Cooperation on the Pitch


Yochai Benkler, Faculty Co-Director of the Berkman Center for Internet & Society at Harvard, has articulated the concept of online “design levers” that can influence environments, promote coordination, and facilitate cooperation.

Yesterday, U.S. soccer lost the FIFA Confederation Cup Finals to Brazil, allowing an American 2-0 lead to erode in under 40 minutes, and relinquished what would have garnered an unprecedented FIFA world title.  Online, design levers improve interactions. On the pitch, designing for coordination can cut both ways.  Team cooperation is undoubtedly  imperative for success at the highest levels of football. But during the process of player development over-coordination may stifle individual expression and creativity. Brazilian soccer players, like American basketball players, develop skill on the street, not during well-coordinated league play. During ad hoc games, individuality, risk taking, and aggressive play are encouraged; during coordinated games, team subsumes individual. Good players become “ball hogs,” and teamwork is encouraged to the skill developmental detriment of a young player. While teamwork and individual prowess must ultimately dovetail to win championships –though Kobe Bryant’s 60-point-games and Fernando Torres’ 17-minute hat-tricks largely prove this wrong– under-coordination is perhaps the best strategy for individual autonomy and skill development. Perhaps we want coordinated online universes with design levers, but on the pitch I want teammates who became players on the streets.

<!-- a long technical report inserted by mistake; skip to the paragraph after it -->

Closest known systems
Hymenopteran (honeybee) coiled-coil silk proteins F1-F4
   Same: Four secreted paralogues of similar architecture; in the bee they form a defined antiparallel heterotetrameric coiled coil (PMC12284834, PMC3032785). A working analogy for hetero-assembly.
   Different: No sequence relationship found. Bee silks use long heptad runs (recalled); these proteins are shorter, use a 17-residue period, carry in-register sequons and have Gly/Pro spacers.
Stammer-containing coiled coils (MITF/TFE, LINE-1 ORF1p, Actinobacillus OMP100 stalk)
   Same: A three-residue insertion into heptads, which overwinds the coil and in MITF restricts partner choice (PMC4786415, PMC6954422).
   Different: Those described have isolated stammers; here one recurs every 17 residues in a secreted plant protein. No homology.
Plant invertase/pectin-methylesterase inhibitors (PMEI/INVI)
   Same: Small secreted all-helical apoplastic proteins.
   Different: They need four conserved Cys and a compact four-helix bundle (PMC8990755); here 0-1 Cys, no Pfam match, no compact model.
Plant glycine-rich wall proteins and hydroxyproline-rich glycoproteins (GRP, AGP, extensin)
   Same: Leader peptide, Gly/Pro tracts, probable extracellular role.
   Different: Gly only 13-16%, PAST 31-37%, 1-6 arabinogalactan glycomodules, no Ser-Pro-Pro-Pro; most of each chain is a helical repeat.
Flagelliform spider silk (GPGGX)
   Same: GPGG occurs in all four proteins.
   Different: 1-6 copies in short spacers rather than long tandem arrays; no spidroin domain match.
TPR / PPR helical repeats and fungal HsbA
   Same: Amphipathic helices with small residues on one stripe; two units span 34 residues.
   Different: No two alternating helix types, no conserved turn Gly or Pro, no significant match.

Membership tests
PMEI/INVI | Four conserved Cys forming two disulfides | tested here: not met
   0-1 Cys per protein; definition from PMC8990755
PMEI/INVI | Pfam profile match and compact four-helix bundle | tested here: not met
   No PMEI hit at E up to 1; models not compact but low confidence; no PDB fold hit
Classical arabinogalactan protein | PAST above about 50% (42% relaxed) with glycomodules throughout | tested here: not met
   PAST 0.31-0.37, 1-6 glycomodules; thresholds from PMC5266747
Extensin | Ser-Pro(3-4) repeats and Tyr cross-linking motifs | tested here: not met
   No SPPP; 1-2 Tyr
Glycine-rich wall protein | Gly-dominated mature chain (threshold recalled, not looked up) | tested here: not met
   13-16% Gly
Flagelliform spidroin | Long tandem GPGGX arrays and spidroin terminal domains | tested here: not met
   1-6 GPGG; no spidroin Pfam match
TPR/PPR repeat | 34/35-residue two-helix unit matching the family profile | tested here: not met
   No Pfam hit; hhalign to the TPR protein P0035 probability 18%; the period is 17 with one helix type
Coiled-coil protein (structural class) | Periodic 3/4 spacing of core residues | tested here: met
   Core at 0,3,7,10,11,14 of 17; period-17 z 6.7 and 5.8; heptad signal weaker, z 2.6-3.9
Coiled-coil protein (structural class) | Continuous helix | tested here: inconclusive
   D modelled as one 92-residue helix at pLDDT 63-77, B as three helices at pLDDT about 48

E.B. White’s “Here is Internet”
Net in Nusantara

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